Cross connect 314 is any device, such as an ATM cross connect, that provides a plurality of ATM virtual connections between, for example, ATM switch 302, third interworking unit 308, fourth interworking unit 310, and other communication devices (not shown). In ATM, virtual connections for user communications or virtual connections for links using ATM can be designated by the VP/VC in the ATM cell header. An example of an ATM cross connect is the NEC Model 20.

The system of FIG. 3 operates in accordance with the following examples. It will be appreciated that first and third interworking units 304 and 308 and ATM switch 202 may not always be controlled by signaling processor 104. In some instances, connections are “static” so that a particular incoming DSO is always connected to a particular outgoing ATM connection. In addition, first and third interworking units 304 and 308 and ATM switch 202 may be controlled by signaling processor 104 so that the interworking or cross connecting is dynamic on a call-by-call basis. In such instances, for example, signaling processor 104 selects an ATM connection for an incoming DS0 and identifies that ATM connection in a control message to particular interworking unit 304 or 308. Then, particular interworking unit 304 or 308 interworks the particular DS0 with the selected ATM connection.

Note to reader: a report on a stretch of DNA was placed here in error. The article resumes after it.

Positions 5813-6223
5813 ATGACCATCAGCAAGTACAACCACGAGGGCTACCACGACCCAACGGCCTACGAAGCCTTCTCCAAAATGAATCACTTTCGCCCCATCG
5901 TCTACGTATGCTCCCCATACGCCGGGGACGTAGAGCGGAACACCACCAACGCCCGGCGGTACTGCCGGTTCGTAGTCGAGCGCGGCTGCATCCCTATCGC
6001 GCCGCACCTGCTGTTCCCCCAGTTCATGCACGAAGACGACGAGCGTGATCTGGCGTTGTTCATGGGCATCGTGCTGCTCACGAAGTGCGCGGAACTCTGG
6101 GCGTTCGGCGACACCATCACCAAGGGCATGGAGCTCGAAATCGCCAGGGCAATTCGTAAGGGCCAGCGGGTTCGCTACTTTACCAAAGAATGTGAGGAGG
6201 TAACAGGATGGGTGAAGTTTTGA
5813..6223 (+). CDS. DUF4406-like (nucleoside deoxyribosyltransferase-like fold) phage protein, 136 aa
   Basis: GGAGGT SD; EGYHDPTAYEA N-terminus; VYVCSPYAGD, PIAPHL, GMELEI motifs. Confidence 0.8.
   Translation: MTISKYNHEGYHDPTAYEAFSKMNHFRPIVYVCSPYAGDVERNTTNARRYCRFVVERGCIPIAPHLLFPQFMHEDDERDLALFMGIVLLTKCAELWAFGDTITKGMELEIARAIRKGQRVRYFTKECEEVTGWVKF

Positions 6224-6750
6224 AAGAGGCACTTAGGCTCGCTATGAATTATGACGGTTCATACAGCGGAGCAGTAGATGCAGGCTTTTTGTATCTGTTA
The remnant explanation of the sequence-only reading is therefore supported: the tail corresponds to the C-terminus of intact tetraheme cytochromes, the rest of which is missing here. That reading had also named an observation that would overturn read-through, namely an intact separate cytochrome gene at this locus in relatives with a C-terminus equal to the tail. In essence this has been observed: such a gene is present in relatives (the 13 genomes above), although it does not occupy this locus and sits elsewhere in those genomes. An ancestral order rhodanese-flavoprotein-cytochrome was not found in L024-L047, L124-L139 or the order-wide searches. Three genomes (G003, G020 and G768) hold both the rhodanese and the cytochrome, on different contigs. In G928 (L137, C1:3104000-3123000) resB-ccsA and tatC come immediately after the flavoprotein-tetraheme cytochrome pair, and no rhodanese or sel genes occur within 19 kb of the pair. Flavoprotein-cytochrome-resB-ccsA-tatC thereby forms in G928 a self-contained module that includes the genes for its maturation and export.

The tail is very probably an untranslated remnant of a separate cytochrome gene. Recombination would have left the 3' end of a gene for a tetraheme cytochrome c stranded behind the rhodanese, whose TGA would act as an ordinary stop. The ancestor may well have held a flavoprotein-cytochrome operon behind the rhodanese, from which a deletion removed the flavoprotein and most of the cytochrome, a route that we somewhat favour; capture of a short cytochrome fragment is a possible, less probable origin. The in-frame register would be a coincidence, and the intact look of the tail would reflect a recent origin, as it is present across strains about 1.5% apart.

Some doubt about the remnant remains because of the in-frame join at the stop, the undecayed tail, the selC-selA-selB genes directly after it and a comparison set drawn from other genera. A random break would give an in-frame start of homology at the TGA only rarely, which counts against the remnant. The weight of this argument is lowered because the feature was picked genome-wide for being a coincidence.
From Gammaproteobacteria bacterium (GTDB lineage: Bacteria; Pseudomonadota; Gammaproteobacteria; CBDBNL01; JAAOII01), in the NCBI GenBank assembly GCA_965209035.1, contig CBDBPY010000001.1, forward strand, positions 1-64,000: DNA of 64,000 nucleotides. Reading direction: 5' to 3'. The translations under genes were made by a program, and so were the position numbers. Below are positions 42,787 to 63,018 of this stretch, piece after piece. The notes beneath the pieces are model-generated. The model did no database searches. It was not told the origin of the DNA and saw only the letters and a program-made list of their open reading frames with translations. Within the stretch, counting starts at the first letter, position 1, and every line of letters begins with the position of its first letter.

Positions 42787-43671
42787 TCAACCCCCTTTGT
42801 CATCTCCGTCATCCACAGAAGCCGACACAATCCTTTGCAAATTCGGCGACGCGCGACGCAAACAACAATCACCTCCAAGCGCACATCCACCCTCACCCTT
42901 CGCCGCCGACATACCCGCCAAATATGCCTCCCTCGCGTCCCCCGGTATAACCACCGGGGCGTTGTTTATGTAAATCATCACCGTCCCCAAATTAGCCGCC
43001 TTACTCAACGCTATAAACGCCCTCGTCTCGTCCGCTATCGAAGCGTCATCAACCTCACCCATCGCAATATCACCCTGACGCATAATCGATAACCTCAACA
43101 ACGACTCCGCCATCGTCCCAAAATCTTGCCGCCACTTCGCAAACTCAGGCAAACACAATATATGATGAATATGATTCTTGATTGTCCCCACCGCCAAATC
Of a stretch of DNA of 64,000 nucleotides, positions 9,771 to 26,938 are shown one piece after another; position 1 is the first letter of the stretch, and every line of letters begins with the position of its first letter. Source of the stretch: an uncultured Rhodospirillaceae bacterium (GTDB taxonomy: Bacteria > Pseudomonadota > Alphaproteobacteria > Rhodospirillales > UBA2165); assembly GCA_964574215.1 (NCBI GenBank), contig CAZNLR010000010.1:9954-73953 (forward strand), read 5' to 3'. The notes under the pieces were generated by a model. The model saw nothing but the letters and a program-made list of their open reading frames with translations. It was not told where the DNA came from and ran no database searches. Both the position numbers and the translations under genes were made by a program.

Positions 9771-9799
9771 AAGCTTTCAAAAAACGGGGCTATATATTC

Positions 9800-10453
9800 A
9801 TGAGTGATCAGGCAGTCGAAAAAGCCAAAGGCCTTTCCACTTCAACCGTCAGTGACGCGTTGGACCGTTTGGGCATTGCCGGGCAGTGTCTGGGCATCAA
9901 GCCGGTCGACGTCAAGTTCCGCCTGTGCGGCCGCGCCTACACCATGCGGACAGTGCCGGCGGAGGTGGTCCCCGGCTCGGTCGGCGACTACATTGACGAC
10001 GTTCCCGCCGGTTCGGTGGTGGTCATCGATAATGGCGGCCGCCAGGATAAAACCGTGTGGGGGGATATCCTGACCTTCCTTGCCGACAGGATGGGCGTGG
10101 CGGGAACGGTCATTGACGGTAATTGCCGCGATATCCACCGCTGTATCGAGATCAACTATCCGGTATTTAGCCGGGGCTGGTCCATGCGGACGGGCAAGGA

In the following examples, signaling processor 104 can receive or transport call signaling over links 118 or 120. Links 118 and 120 can be links from, for example, a TDM device, a local exchange carrier, or an ATM device. Thus, links 118 and 120 can be ATM VP/VCs. Also, signaling processor 104 can receive or transport call signaling over links 208, 316, and 318. In such a case, links 208, 316, and 318 can be ATM VP/VCs. In addition, control messages can be transported through all of the links.

Preferably signaling processor 104 sends call signaling or control messages to other communication devices when a call is being set up, while a call is connected, and when a call is being disconnected or disassociated. For example, the signaling processor will send control messages over link 120 to second communication device 112 of FIG. 1.

In some instances, the elements of interworking system 106 may contain converters to convert call signaling to a form that can be processed by signaling processor 104. For example, first interworking unit 304 may receive call signaling and user communications in-band, convert the call signaling to SS7 signaling, and pass it to signaling processor 104 over link 316. Alternatively, signaling processor 104 may convert the call signaling to a desired form prior to processing.

It will be appreciated that in all of the following examples, a call may be connected in the opposite direction. Thus, a call can be connected from a TDM device to an ATM device using particular paths of connections so that it is interworked from TDM to ATM for the connection. Another call between the same or similar communication devices which originates or is handled from an ATM device and transported to a TDM device can be interworked from ATM to TDM for the same path of connections.